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Gobind Singh

Subject: Religion

(1666–1708) The tenth and last of the Sikh Gurus. Gobind Singh encouraged the militarization of the Sikhs against the Mogul empire. During Baisakhi (the new year festival) in ...

Gobind Singh

Gobind Singh (1666–1708)   Quick reference

World Encyclopedia

Reference type:
Subject Reference
Current Version:
2004
Subject:
Encyclopedias
Length:
61 words

... Singh ( 1666–1708 ) Tenth and last Sikh guru, who laid the foundations of Sikh militarism. In 1699 he created the Khalsa , a military fraternity of devout Sikhs, which became the basis of the Sikh army he led against the Mogul empire . The wearing of the turban and the common attachment of Singh (‘lion’) to Sikh names date from his...

Gobind Singh

Gobind Singh (1666–1708)   Quick reference

A Dictionary of World History (3 ed.)

Reference type:
Subject Reference
Current Version:
2015
Subject:
History
Length:
66 words

... Singh ( 1666–1708 ) The tenth and last of the Sikh Gurus. Gobind Singh encouraged the militarization of the Sikhs against the Mogul empire. During Baisakhi (the new year festival) in 1699 , he called upon five Sikhs to give up their lives, but instead of killing the volunteers he rewarded their courage and loyalty by initiating them into the Khalsa , a newly formed army of...

Singh, Rao Gobind

Singh, Rao Gobind   Reference library

Benezit Dictionary of Asian Artists

Reference type:
Subject Reference
Current Version:
2013

..., Rao Gobind Indian , 18th century, male. Painter...

Gobind Siṅgh, Gurū

Gobind Siṅgh, Gurū (1666–1708 ce)   Reference library

The Concise Oxford Dictionary of World Religions

Reference type:
Subject Reference
Current Version:
2003
Subject:
Religion
Length:
225 words

...casteless community, characterized by the five Ks and a code of conduct ( rahat ). He in turn received initiation ( Khaṇḍe-dī-pāhul ) from them, assuming the name Siṅgh. Thousands more accepted this initiation. On Auraṅgzeb 's death in 1707 ce Gobind Siṅgh supported the succession of Bahādur Shāh . In an attempt to punish Wazīr Khān and other persecutors of the Sikhs. Gobind Siṅgh was fatally wounded by two Pathān assassins. He bade his Sikhs regard the Ādi Granth as Gurū (so ending the line of human gurus), and died 7 Oct. 1708 . See HOLĀ...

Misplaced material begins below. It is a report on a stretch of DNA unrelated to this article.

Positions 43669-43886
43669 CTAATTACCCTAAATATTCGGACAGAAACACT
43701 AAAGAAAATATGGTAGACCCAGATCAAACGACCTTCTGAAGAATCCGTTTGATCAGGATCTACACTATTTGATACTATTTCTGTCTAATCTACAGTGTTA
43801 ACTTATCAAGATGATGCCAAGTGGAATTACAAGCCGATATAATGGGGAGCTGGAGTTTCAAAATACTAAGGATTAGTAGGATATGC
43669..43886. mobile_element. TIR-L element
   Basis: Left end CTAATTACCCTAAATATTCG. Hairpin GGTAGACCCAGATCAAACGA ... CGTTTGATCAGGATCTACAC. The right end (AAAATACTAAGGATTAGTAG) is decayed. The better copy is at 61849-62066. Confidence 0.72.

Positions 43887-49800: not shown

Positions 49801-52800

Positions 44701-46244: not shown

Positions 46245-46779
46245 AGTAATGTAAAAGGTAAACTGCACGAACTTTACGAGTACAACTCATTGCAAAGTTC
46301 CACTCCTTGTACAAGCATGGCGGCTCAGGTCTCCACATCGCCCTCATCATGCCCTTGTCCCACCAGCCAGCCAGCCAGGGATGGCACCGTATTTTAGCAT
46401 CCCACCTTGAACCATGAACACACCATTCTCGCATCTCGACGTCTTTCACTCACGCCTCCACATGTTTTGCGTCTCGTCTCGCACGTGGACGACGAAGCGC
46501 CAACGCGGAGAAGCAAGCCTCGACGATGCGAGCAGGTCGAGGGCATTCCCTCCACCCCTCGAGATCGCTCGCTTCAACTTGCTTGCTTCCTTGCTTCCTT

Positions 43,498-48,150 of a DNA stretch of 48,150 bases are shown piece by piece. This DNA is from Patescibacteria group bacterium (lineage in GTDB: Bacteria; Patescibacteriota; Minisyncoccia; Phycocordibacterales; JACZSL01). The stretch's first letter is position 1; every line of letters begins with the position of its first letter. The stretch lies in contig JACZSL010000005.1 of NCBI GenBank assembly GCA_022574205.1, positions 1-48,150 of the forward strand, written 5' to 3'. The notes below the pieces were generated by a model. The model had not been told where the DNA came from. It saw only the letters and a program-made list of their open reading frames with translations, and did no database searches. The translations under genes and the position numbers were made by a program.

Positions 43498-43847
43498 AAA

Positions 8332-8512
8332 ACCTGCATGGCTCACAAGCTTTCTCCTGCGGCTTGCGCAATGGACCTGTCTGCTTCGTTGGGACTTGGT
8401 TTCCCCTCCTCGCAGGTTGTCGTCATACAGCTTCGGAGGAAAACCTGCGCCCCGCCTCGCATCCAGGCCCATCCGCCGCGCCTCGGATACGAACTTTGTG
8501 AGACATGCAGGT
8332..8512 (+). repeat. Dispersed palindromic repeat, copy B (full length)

Gobind Singh

Gobind Singh  

Reference type:
Overview Page
Subject:
Religion
(1666–1708)The tenth and last of the Sikh Gurus. Gobind Singh encouraged the militarization of the Sikhs against the Mogul empire. During Baisakhi (the new year festival) in 1699, he called upon five ...
Damdamā

Damdamā  

Reference type:
Overview Page
Subject:
Religion
(Pañjābī, ‘resting place’).Village in S. Pañjāb where Guru Gobind Siṅgh dictated the Ādi Granth.
Zafarnāmā

Zafarnāmā  

Reference type:
Overview Page
Subject:
Religion
(Pers., ‘epistle of victory’).Guru Gobind Siṅgh's reply to Auraṅgzeb c.1705, included in the Dasam Granth. Gobind Singh wrote the Zafarnāmā in Dīnā, S. Pañjāb, after leaving Anaṇḍpur and suffering ...
Siṅgh

Siṅgh  

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Overview Page
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Religion
(Skt., simha, ‘lion’).Second name of male Sikhs. According to tradition, Gurū Gobind Siṅgh (hitherto Gobind Rāi) took this surname on Baisākhī Day 1699 ce. He gave to the pañj ...
Chaupaī

Chaupaī  

Reference type:
Overview Page
Subject:
Music
(Pañjābī, ‘verse of four lines’).Sikh hymn; specifically, the Bentī Chaupaī or hymn of supplication, a composition of Gurū Gobind Siṅgh.
Jāp

Jāp  

Reference type:
Overview Page
Subject:
Religion
(Pañjābī, ‘repetition’).Hymn by Gurū Gobind Siṅgh. The Jāp is the introductory invocation to the Dasam Granth and is included in Nitnem for daily repetition.

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